A Review of the Nigerian Energy Industry

Electricity metering gap can’t be closed soon –NERC

nerc121 May 2014, Abuja – Power consumers that do not have meters and are on the estimated billing system will have to continue with the payment of ‘crazy bills’ as the Nigerian Electricity Regulatory Commission has said the metering gap in the sector cannot be closed in a short while.

Although NERC explained that it was working hard to make sure that electricity distribution companies provided meters for their customers, it noted that the metering gap in the country was huge.

The Chairman/Chief Executive Officer, NERC, Dr. Sam Amadi, while speaking on the sidelines of an event in Abuja on Monday, said, “Our expectation is that metering will increase, but let us be very careful. The metering gap in Nigeria is about 50 per cent and we don’t expect that gap to be closed in a short while. What we expect to see is significant and consistent effort by the distribution companies to keep metering their customers.

“Of course the gap can close quickly if increase in capacity results in increase in revenue, and the regulator will benchmark that increase in revenue. But we expect to see continuous and good effort by the Discos to meter their consumers and quickly close down the gap. But the gap will still be there for some time because it is a huge gap.”

On the methodology employed by the Discos in billing non-metered consumers, Amadi said the commission had educated the power firms on how to go about it properly.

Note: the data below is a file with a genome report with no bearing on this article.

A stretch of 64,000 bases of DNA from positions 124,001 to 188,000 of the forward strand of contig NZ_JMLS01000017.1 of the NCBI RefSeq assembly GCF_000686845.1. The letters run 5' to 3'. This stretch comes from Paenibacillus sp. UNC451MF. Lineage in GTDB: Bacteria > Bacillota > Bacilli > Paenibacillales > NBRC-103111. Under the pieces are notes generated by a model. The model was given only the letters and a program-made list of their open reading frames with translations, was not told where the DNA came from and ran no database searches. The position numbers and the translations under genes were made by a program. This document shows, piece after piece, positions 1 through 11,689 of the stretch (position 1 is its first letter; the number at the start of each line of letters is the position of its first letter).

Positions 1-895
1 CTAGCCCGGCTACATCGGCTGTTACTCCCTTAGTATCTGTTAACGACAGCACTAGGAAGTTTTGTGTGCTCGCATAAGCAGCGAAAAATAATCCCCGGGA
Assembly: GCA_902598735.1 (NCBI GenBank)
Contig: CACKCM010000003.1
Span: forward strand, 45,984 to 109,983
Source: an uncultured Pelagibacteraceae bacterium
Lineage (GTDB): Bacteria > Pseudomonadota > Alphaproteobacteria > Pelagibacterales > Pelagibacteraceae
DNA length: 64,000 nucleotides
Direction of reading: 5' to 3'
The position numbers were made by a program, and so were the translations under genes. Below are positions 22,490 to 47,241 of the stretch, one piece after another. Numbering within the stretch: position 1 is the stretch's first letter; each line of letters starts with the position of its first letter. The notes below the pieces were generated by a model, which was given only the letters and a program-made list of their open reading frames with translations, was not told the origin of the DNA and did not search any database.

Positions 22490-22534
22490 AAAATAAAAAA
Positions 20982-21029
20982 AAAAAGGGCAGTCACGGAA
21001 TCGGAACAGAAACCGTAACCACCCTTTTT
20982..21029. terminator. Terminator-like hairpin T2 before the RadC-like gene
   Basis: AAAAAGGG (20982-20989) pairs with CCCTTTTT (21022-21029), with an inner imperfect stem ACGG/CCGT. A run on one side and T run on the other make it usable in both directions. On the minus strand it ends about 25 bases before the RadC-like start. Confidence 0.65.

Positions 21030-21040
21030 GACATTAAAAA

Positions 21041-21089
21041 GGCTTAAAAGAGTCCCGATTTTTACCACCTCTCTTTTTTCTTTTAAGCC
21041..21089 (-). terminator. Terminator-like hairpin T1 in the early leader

He said, “We worked them through the methodology and this is because some of them are new in the sector. By this methodology, before the Discos estimate your bill, they would have looked at the energy supply in that cluster.

“They would have looked at the metered customers in that cluster and be able to have a much more accurate estimation. What is going on now in some cases is not estimation, it is just arbitrary way of tariff and we have expressed a very strong disapproval on that. Give and take, there will be some margin of error, but it will come close to some level of accuracy.

“A consumer should also be able to benchmark his bill based on what his metered neighbour is receiving as tariff. So, if, for example, an average customer in your area pays N5,000 or N10,000 and your Disco is giving you N15,000 bill, that is a smoking gun.”

Amadi said such customer should contest the validity of the bill “and by regulation, they (Discos) should be able to respond to you within a given time. And if they fail, you can go to the forum office to make your complaint.”

The NERC boss noted that there were sanctions against any Disco that failed to comply with the recommendations of the forum office or the regulator if such complaints were just.

– The Punch

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